In summary, this was a complex process-related accident with tragic results. It gives rise to a number of design and organizational safety concerns. Its occurrence – taken along with other major accidents afflicting large and small corporations – underscores the need for some systemic reforms. It would be a serious and tragic mistake to consider each of these accidents as just another isolated event, reflecting only the limited practices of a small group of people operating outside regulatory scrutiny. If it can happen at DuPont, I would submit it can happen anywhere.
In June 2013 I testified before the Senate EPW Committee on the CSB’s ongoing investigation into the West, Texas, ammonium nitrate (AN) explosion that tragically killed 15 people and caused hundreds of injuries, and devastated much of the town including homes, schools, businesses, and health care facilities. The explosion followed an intense fire that consumed a wooden storage building that held tons of fertilizer ammonium nitrate in wooden bins. At that time I noted the existing patchwork of U.S. safety standards and guidance for such facilities: a patchwork that has many large holes, including allowing the use of combustible wooden buildings and wooden storage bins, few requirements for sprinklers (there were none at West), and no federal, state, or local rules restricting the storage of large amounts of ammonium nitrate near homes, schools and hospitals.
Voluntary guidance provided by the Agricultural Retailers Association and The Fertilizer Institute as well as an ammonium nitrate safety advisory issued in August 2013 by OSHA, EPA, and ATF are definitely positive steps in addressing the hazards associated with the storage of AN. But they are not enough by themselves. It is sobering to reflect that nearly two years after the West disaster, very little if anything has changed in terms of federal, state, or local requirements for ammonium nitrate handling and storage. These practices still lag behind the ammonium nitrate safety practices of other countries, as well as the good practice guidance of the U.S. explosives industry, which has advocated commonsense safeguards like noncombustible storage buildings and sprinkler systems to prevent fires that can sensitize ammonium nitrate to explosion. Meanwhile fires continue to occur threatening ammonium nitrate stored in wooden buildings, such as a recent fire at a fertilizer distributor in Athens, Texas, that mercifully did not cause an explosion in the middle of that town.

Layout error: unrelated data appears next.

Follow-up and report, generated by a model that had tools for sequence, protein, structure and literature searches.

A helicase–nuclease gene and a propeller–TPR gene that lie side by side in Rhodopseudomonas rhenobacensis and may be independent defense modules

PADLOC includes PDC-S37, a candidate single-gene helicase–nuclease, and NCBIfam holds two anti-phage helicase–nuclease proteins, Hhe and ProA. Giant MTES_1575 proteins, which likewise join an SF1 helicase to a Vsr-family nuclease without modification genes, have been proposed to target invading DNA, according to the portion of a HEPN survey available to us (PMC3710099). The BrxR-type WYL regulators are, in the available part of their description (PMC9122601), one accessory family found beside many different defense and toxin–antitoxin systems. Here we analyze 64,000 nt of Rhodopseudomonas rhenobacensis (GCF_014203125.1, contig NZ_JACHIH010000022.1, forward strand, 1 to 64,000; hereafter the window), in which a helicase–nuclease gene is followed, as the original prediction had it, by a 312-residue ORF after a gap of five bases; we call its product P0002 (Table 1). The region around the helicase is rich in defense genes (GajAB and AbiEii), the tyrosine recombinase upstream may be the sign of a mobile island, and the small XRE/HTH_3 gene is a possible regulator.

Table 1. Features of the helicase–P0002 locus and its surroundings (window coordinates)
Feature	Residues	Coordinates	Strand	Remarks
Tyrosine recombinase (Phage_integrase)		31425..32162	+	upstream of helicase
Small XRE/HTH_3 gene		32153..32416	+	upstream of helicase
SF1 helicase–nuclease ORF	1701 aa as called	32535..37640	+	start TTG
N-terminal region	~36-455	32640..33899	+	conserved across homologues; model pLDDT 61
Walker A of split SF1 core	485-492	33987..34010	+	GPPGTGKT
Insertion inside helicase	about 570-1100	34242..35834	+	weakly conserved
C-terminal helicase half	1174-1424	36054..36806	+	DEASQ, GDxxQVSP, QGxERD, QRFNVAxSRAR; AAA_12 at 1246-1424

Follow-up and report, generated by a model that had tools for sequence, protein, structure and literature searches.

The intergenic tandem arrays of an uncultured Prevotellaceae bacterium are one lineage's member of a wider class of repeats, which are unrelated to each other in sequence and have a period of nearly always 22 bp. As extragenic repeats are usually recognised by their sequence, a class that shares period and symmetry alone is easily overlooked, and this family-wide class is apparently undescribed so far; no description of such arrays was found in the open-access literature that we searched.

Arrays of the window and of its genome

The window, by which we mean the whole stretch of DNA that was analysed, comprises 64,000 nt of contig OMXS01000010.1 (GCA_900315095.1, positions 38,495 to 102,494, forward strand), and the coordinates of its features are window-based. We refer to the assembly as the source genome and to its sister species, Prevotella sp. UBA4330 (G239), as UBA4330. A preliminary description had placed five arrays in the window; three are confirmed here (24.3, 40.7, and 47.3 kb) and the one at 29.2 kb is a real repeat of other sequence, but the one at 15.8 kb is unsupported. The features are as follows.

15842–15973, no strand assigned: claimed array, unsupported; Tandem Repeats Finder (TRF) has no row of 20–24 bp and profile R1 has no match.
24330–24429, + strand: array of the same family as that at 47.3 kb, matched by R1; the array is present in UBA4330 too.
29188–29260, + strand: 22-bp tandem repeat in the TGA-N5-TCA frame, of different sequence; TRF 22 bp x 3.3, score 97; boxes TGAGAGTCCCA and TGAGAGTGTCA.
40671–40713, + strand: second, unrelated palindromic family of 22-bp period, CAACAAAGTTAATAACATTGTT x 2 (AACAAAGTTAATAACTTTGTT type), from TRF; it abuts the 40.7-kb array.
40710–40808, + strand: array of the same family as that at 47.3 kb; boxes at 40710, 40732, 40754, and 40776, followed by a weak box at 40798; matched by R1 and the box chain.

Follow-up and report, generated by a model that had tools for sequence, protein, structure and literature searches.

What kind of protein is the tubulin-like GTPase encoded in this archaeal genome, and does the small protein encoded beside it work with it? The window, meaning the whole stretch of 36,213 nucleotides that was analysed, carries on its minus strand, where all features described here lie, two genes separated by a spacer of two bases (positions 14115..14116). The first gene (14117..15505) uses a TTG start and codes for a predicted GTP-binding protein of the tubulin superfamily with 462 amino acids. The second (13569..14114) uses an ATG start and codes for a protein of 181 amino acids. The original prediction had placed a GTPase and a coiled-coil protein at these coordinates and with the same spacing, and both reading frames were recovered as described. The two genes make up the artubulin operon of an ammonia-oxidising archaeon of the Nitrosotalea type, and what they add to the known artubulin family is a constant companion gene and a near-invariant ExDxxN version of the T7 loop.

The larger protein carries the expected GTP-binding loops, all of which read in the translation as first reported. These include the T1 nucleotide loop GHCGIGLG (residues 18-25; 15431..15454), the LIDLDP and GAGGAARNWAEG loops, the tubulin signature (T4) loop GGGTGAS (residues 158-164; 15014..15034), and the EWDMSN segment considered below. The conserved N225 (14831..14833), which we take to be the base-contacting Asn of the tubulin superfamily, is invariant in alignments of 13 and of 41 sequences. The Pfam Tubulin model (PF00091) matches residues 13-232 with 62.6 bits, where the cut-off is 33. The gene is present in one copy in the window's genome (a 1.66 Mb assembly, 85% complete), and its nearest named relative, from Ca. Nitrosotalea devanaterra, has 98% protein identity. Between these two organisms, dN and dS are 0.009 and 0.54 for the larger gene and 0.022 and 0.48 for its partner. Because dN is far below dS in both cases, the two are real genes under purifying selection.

Industry and government have increased their efforts to prevent major chemical accidents. But CSB investigations show that much more needs to be done to assure that future tragedies will be avoided – the opportunity for meaningful reform is now. Thank you for the opportunity to submit written testimony for this important hearing today.
Link to CSB document